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DANCE THEATRE OF HARLEM: A HISTORY, A MOVEMENT, A CELEBRATION
By E. Mesiyah McGinnis, Staff Writer
Published November 4, 2021

James Fugate, founder of Eso Won Books with co-author, Judy Tyrus, at a book signing. (E. Mesiyah McGinnis / L.A. Sentinel)

Former ballerina, Judy Tyrus, visited Los Angeles to promote her book, “DANCE THEATRE OF HARLEM: A HISTORY, A MOVEMENT, A CELEBRATION,” a book co-written by Tyrus, a longtime company member, and Paul Novosel, a music accompanist for the company and school. The two both shared a love for archiving the history of the organization.

Co-founders Arthur Mitchell (left) and Karel Shook (right) teaching class in the early days of Dance Theatre of Harlem (Courtesy)

According to the press release, the book looks at the African American history of ballet. With hundreds of sensational photographs, first-hand accounts, archival materials, and well-researched narrative, the book traces the Black dance company from its origins in a Harlem basement to its activism and innovations in virtual performances throughout 2020 and the global pandemic. It’s a celebration of the performances, community engagement, and arts education through which the company continues to carry forward the Dance Theatre of Harlem’s message of empowerment through the arts for all.

The images reflect the vision, execution, and evolution of Dance Theatre of Harlem. (Courtesy)

The book also places Dance Theatre of Harlem in a historical context with the events happening in the wider world; from the civil rights movement to the company’s groundbreaking and sometimes dangerous tours to apartheid South Africa, the Soviet Union, and China. It also tackles the segregation and racism that have troubled the company’s–and country’s–history, as well the social and political impact it made simply by being Black ballet dancers.

Historic performance photos of DTH Dancers (Courtesy)

Tyrus wanted to expand her visit to include promoting the book in diverse communities.  She stopped in Eso Won Books in the Leimert Park Village, an Afrocentric cultural and creative hub of South L.A. for a book signing and tour of the historical bookstore.  “I’m very happy she stopped in today and signed.  This is one of those books that people are going to love. They’ve seen the theatre [company] over the years, and now to have an autographed book, I can’t be happier, said James Fugate, founder of Eso Won Books.

A Company photo of Dance Theatre of Harlem (Courtesy)

As she signed books, Tyrus reflected. “Seven years of love went into this.  All the images … it was so hard selecting them for the book. There were 450 photos that we originally presented to the publisher.  It was a labor of love all the way,” she said.  Of Eso Won. “I love everything about this place.  I am coming back!” she said.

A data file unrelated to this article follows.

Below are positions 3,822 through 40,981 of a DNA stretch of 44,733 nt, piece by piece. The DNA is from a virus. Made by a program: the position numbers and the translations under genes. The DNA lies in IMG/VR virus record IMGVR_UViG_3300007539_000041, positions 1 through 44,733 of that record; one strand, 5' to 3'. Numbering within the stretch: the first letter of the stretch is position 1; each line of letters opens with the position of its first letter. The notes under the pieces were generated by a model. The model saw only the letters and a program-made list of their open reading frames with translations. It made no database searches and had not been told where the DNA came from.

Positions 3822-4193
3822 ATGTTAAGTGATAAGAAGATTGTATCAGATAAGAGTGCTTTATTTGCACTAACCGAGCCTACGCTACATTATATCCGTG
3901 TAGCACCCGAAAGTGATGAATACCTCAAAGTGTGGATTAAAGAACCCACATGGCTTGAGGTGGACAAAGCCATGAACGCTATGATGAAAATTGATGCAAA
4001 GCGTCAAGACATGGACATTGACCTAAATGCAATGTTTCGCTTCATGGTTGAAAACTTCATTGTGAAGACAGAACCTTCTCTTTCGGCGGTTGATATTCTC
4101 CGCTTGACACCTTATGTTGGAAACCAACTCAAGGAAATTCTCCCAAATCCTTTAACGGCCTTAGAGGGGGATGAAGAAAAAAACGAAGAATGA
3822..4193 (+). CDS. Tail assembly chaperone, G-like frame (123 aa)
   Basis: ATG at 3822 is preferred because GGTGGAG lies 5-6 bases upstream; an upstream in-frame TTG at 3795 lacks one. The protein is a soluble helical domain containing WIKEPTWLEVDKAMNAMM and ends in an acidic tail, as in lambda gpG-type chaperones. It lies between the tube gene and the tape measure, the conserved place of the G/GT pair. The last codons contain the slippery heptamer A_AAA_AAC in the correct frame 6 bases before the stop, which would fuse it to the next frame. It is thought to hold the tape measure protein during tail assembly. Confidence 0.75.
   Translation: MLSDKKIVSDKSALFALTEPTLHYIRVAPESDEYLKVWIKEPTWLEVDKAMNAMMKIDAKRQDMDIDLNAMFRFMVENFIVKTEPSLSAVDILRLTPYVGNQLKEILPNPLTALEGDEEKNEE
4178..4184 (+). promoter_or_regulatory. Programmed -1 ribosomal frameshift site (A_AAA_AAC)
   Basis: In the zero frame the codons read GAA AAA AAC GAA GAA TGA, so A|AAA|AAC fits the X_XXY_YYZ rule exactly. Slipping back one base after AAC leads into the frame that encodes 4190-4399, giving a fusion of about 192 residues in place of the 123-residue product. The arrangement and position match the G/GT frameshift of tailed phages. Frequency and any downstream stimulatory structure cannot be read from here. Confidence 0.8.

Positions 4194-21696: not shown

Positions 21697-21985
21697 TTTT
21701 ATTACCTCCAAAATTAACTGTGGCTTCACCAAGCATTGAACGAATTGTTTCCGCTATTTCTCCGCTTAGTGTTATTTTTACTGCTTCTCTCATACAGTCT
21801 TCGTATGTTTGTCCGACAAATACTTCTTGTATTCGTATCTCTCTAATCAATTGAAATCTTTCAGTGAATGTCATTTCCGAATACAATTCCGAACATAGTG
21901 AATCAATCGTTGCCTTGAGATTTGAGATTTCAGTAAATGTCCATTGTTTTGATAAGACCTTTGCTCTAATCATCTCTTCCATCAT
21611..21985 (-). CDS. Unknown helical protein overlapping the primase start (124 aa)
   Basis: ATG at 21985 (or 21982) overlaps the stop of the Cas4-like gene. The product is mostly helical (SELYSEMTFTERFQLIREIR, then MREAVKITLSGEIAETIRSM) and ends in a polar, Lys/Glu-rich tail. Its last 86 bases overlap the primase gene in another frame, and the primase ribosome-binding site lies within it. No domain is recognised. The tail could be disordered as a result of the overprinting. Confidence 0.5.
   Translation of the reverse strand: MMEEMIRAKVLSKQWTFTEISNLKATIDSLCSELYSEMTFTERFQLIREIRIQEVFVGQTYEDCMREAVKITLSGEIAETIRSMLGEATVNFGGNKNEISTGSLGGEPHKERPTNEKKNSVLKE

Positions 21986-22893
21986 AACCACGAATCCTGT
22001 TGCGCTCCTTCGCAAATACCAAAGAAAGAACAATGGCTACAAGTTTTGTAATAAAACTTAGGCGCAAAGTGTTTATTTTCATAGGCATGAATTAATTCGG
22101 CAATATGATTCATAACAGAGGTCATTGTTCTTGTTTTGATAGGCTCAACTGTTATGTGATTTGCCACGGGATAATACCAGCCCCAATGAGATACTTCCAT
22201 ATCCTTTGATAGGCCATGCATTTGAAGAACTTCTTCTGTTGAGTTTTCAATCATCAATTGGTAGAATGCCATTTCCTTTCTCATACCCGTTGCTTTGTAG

There were 450 photos that we originally presented to the publisher. (Courtesy)

Tyrus was a principal dancer with DTH for twenty-two years. She made it a point to stop by local dance schools, Debbie Allen Dance Academy (DADA), and Lula Washington Dance Theatre, where ballet is taught to young people of color every day.

DTH company photo (Courtesy)

“The book is meaningful because of its historical value; it brings back to life so many performances and influential works of our friend, Arthur Mitchell, and the wonderful dancers he trained, motivated, and loved,” said Lula Washington, Co-founder and artistic director of LWDT.  “It’s paramount that Black dancers and choreographers of today know this history and to see themselves in the historical triumphs of such legendary dancers,” said Tamica Washington-Miller, associate director of LWDT.

DTH Founder Arthur Mitchell and students rehearsing in the Church of the Master in Harlem. (Courtesy)

When asked why Trus and Novosel decided to write the book, Tyrus replied, “A single book about the history of Dance Theatre of Harlem has never been written.  Someone reading this book will take away with it an appreciation for ballet and that it is for everyone.  They will understand more about travel and dance; that it takes a village, that DTH is going strong, that Arthur Mitchell’s vision of bringing multicultural ballet to the world was realized, and that one should never give up on your dreams.

Above, Arthur Mitchell and DTH dancers in New York City. Below. Young dancers of color learn ballet at DTH. (Courtesy)

When asked how the book has been received, Tyrus replied, “The reactions have been excited, happy, congratulatory, celebratory, and supportive.”  Her last thoughts about the book, she reflected, “Art elevates the world. We were part of a movement to change the way the world views classical ballet.

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(Top image, left page, upper right) A photograph of Judy Tyrus partnering and other DTH company members. (Courtesy)  Judy Tyrus holds her book outside of the historic Eso Won Books in the Leimert Park Village neighborhood of South L.A. (Photo E. Mesiyah McGinnis)

When asked about the mission of the book.  “Progress has been made in cultural acceptance, but not nearly enough. Through periods of survival, Dance Theatre of Harlem called on the strength of its people, and their belief in its mission, to rise and rise again. DTH’s determination to offer representation and opportunity to new generations will carry it into the future. It is our hope that the world will follow its lead.” – Judy Tyrus and Paul Novosel.

You can find the book at Eso Won Books https://www.esowonbookstore.com, Barnes and Noble, and at www.kensingtonbooks.com

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